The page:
1AM: our house was silent except for Brownie’s occasional whimper. His illness was at its worst. I had spent hours futilely attempting to give him medicine. I liked Brownie, my sister’s hamster, just as much as any small child likes candy: enough to care but not enough to cry over. However, I kept watch not for myself, but for my sister Rebecca. I knew Brownie was going to die, but she loved that hamster more than anything, so in turn, I did too.
I was nine years old when my mother told me she was pregnant. I had always wondered what it would be like having a sibling. My parents told me that I might not get much attention once the baby came, because babies need a lot more care and assistance than someone my age. Music to my ears: this meant unlimited television, games, and free time! While my parents were busy with my little sister, I would be off in my world of freedom.
What else could one expect of a naive nine-year-old? The day Rebecca was born, I brought her a small, brown-spotted dog blanket, with a cute puppy head. I smiled as she cuddled it in her tiny baby arms. Eight years later, she still uses that blanket for comfort. I like to think that the blanket vicariously gives Rebecca my love.
Due to our nine year age difference, I am more like her parent than her brother. At first, my care-taking abilities were limited to simple tasks: basic feeding, reading, brushing teeth. As I grew older, I babysat for full days, took care of her when she was ill, and tended her many needs. Being a “third” parent taught me lessons I could not have experienced from any classroom or teacher. I learned to be caring, loving, creative, understanding, patient, and most of all, I learned to be responsible. A parent would do anything for the health and sake of their child. If Rebecca didn’t want to get up and brush her teeth, then I would have to find a way to get her to do so. First, I would learn how to help Rebecca, then I would learn to help myself. In a sense, the teacher then became the student.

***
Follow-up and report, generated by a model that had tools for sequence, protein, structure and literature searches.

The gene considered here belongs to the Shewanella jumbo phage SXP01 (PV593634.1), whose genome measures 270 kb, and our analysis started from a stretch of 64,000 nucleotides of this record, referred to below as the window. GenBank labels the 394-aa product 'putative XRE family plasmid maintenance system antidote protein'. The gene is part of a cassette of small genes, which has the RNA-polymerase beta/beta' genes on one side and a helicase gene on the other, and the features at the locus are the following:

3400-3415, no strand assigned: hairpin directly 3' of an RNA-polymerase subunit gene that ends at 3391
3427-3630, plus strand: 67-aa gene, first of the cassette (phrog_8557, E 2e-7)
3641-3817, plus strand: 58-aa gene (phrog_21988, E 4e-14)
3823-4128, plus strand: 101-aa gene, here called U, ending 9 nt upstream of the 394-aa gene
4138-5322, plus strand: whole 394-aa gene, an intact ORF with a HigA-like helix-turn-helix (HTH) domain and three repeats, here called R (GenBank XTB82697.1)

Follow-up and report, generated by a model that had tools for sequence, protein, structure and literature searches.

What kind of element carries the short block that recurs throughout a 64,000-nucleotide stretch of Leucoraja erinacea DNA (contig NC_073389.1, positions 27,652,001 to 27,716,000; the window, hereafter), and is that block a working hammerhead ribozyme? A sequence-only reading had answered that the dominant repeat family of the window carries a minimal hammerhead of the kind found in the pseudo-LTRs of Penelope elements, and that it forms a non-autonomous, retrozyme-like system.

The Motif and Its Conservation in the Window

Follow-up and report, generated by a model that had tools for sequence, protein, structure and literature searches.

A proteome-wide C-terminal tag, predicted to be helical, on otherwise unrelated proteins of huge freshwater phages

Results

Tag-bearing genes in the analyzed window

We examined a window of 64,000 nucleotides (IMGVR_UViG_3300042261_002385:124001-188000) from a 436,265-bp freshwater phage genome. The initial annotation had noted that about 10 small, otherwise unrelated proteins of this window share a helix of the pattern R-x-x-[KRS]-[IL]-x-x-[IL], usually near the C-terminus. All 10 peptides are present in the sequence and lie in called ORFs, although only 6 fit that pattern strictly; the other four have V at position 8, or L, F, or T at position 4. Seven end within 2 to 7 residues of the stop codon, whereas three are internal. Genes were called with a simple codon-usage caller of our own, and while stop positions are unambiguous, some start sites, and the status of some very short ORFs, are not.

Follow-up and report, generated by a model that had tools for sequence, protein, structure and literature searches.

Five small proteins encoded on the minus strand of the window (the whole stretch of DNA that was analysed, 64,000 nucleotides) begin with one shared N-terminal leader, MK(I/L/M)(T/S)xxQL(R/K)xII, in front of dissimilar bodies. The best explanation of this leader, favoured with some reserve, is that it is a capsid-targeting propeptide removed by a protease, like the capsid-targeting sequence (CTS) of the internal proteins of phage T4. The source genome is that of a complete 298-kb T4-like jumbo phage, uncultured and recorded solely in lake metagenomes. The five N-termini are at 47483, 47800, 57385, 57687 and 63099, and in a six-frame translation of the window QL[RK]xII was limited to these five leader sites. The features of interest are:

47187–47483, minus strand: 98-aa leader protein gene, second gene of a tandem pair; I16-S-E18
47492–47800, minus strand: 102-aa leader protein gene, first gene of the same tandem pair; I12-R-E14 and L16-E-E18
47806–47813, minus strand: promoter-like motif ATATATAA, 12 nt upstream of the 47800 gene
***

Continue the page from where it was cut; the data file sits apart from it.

In ninth grade biology, I struggled. I had trouble grasping the material. Yet, a parent wouldn’t let their child fall behind, so why should I let myself? I took success into my own hands and spent hours going through textbooks, finding learning strategies that worked for me. Through caring for Rebecca, I learned that if I struggled, I had to push myself to work hard in the same way I would teach Rebecca to work hard. With that resolve, I spent my free time studying and keeping up with my busy schedule, schoolwork, and musical studies. This “parenting effect” now extends into how I approach my everyday activities. Having this unique quality helps me to be more intellectual and intuitive. More and more, I realized the increased willingness of others around me to trust me with special tasks and responsibilities. I never expected that.
I learned through experience that parenting is much more than just raising a child. Parenting is about the qualities one acquires from human interaction, and how those qualities shape us into who we are. Looking back, I definitely spent more time caring for Rebecca than on all of the video games and TV I had dreamed about. I used to think that parents always knew what was best for their children; yet, the truth is that the children are the ones teaching the parents. When a child learns to walk, the parent learns to help a child walk. It’s a balance. As much as Rebecca learned from me while she was growing up, I learned just as much beside her.